Terrorism should not be treated in isolation, he said. Its causes and motives should be examined as well as its links to other international phenomena such as international organized crime, drug trafficking and money laundering. Recognizing the integration and interdependence of international action was perhaps the most important feature of the road map. No progress would be made in any area if not accompanied by decisive movement in the remaining areas. Because of the economic slowdown, it was probable that the international community was moving further away from some objectives. Many countries could witness an increase in the number of people living under the poverty line, which would make the objective of halving the number of such people by 2015 more difficult.

There was a need for a strategy for progress of handicapped persons, he added. That valuable repository of human capital must be fully integrated into society. A broad convention protecting and promoting the rights of handicapped persons would make it possible for them to contribute to the objectives of the Millennium Declaration, he said.

CHUCHAI KASEMSARN (Thailand) said that the onus of attaining "freedom from want" was best reflected in the Millennium Summit’s commitment to development and poverty eradication. That must be one of the highest priorities. Only by ensuring that the basic needs of people were met –- by overcoming hunger, gaining access to safe water, having equal access to education, and getting treatment for diseases ranging from malaria to HIV/AIDS -– could individuals feel genuinely secure and live their lives to the fullest potential. Poverty also generated another serious threat to both human and national security –- that of narcotic drugs. The drug threat was inextricably linked to multiple forms of transnational crimes, including money laundering and international terrorism. Thailand was therefore determined to redouble its efforts to implement its commitments to counter the world drug problem, as called for in the Millennium Declaration.

Thailand had made poverty eradication one of its top policy priorities. The establishment of micro-credit schemes for both the rural and urban poor was but one concrete manifestation of that policy. And to ensure that those policies bore fruit, Thailand pursued them by applying strictly the principles of transparency and good governance, including anti-corruption measures.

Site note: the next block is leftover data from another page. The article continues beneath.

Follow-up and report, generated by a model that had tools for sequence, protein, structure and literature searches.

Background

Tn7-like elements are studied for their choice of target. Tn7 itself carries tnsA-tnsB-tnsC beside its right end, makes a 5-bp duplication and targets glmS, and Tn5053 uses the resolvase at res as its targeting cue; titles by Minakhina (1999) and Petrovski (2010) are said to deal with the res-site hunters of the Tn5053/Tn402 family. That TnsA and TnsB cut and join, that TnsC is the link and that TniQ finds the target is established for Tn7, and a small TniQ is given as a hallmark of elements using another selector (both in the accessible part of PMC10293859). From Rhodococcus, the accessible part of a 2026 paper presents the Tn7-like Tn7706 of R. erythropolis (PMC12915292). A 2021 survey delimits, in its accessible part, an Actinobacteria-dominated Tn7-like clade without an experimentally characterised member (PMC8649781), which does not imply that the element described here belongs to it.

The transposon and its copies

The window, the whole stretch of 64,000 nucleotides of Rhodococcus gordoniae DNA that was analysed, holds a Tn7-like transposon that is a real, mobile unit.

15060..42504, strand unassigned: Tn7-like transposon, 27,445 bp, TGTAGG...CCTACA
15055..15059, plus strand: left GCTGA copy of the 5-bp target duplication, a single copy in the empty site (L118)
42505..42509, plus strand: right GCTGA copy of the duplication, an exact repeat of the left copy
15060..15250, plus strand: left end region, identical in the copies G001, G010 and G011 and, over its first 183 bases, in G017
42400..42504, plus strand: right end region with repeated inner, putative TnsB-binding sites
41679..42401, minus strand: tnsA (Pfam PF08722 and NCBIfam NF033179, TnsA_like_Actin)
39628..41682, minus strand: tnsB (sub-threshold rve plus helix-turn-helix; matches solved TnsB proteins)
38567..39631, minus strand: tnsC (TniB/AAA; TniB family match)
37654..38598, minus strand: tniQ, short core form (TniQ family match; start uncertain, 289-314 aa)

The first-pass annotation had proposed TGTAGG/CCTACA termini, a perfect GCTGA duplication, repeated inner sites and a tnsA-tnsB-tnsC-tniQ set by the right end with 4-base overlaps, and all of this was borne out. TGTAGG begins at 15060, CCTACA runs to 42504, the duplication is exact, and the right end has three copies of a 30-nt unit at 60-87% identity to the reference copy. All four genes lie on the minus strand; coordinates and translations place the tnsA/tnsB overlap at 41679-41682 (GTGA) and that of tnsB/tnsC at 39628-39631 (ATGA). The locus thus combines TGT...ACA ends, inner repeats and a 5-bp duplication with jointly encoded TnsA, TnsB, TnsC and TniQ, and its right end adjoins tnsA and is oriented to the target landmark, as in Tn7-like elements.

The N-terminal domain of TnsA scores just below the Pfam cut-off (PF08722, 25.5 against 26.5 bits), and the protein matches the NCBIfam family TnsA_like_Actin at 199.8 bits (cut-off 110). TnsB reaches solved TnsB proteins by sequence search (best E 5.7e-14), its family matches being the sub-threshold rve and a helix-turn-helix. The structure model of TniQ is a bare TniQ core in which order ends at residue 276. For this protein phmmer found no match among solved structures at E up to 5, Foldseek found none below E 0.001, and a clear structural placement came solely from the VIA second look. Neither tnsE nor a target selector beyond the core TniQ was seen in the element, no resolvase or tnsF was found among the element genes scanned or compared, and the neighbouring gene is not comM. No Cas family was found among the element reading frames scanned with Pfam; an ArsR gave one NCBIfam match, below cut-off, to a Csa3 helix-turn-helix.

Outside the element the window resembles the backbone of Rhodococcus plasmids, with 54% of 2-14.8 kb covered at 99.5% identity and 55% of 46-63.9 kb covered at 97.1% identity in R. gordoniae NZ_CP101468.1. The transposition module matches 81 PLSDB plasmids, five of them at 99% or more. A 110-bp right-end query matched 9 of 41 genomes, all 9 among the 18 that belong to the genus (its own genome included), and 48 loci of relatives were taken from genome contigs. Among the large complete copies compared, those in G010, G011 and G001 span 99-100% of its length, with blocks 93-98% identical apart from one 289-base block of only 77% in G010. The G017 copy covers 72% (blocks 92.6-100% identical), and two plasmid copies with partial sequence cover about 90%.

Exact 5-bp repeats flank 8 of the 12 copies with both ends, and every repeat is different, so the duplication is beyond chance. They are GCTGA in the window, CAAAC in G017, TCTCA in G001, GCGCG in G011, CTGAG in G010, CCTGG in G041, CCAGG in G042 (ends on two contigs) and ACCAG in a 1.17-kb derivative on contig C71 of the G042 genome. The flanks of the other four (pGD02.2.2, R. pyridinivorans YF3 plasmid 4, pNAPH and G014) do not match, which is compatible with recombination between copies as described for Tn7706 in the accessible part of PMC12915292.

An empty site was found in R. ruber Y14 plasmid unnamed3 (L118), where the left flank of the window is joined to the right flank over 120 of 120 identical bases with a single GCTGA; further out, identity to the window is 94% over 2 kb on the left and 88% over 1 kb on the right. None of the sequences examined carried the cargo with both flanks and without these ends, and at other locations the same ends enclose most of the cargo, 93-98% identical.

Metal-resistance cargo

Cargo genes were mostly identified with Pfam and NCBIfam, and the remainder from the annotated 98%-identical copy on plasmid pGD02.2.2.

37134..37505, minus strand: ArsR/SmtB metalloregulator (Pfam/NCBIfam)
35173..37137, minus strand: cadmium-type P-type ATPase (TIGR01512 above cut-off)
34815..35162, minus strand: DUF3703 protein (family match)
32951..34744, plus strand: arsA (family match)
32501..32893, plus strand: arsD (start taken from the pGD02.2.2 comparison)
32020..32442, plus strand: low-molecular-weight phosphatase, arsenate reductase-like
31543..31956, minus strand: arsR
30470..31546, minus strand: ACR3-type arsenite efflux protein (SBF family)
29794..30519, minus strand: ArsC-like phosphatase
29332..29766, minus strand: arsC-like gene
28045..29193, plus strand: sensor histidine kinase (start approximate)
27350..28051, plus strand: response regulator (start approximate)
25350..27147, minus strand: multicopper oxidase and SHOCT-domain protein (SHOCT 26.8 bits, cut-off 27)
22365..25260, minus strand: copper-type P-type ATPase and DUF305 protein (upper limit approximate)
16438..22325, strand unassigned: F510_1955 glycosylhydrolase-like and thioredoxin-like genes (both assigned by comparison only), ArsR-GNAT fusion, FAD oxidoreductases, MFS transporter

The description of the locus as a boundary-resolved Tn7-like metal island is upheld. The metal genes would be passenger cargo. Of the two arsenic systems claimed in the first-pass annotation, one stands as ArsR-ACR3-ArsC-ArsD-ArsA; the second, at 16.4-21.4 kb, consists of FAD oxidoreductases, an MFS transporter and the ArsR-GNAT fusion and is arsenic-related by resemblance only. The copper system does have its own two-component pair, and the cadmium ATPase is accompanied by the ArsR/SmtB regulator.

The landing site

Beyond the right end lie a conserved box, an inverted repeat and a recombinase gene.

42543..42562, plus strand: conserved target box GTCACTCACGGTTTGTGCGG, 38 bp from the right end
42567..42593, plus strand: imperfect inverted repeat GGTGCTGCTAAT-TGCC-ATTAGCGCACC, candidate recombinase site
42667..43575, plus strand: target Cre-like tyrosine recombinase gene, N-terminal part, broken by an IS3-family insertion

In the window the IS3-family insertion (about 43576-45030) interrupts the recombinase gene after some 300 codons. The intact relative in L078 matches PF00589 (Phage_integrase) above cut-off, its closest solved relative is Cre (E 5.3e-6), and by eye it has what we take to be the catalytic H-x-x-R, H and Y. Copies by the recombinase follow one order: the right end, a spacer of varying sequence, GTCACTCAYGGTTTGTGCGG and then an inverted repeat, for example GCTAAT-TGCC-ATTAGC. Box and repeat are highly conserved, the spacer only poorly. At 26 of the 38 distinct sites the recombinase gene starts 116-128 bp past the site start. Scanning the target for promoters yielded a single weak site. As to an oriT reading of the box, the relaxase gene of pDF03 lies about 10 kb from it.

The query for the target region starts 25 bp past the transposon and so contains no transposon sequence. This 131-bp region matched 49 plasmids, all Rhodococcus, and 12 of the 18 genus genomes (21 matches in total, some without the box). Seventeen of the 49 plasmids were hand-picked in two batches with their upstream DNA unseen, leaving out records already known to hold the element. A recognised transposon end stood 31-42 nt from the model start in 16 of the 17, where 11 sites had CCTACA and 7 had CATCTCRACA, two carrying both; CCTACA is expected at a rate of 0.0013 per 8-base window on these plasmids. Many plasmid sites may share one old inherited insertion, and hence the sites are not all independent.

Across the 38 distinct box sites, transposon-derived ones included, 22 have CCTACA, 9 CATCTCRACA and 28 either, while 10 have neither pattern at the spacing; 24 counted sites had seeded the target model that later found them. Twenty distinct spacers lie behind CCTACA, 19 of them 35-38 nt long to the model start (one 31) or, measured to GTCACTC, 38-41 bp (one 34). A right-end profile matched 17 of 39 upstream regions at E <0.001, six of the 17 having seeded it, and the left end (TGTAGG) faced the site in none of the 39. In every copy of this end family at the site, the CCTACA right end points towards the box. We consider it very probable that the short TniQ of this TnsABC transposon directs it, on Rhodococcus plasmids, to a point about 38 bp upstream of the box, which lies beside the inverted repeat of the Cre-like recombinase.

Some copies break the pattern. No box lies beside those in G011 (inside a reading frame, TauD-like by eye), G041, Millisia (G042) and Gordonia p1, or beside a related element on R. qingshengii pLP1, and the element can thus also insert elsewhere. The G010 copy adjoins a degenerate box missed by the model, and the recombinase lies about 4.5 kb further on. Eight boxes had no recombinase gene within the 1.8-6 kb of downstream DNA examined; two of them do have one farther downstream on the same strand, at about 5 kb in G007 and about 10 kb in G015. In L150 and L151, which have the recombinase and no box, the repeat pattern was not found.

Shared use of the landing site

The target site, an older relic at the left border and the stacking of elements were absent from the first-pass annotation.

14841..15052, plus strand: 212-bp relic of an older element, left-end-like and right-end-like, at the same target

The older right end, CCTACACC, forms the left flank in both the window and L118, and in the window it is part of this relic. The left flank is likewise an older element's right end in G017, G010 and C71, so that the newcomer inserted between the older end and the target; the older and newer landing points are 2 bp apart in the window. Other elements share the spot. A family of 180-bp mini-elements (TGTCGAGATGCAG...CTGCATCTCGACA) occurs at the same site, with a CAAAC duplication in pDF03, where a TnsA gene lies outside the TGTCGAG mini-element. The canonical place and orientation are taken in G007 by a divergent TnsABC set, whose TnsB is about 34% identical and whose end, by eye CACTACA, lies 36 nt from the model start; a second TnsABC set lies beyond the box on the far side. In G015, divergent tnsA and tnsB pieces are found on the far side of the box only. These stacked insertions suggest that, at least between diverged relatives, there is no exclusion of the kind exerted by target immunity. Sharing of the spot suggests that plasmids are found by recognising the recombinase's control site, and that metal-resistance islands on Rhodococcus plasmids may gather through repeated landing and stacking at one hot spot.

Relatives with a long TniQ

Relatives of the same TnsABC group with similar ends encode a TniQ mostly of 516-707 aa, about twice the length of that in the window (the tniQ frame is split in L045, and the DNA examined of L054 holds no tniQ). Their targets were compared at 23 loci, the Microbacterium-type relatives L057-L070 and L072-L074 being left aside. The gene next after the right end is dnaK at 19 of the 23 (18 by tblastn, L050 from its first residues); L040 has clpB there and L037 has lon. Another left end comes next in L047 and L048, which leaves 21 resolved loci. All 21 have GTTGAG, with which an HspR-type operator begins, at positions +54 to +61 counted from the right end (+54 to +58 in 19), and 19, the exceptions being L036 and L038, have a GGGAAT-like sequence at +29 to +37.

Attaining "freedom from fear" by providing people with an environment of peace and security was a key ingredient of human security, whose ideas were embraced both in the Millennium Declaration and the road map. A culture of peace and tolerance needed to be more actively promoted to help prevent disagreement from escalating into conflict. That could involve the development of effective conflict prevention strategies, and following up on various recommendations made in the report of the Secretary-General on the prevention of armed conflict. Peacekeeping operations were an important arm of the United Nations in helping to maintain international peace and security. As a major troop-contributing country, particularly in Southeast Asia, Thailand hoped that the United Nations would give priority to expenditure and to the completion of the peacekeeping reform process.

IFTEKHAR AHMED CHOWDHURY (Bangladesh) said his country had taken note of the Secretary-General's road map and commended the initiative, yet there were some areas of concern. Paragraph 82 emphasized the need to integrate the Millennium development goals into national goals to narrow the gap between expectation and achievement. However, it did not take adequate note of the fact that poverty reduction already existed as an overarching priority for the developing countries and their domestic policies. It also failed to mention that national plans and programmes could only have limited success, as those countries faced significant challenges stemming from lack of resources. Paragraph 86 suggested strengthening capabilities to improve basic services, yet for the least developed countries (LDCs), initial support by development partners might be necessary.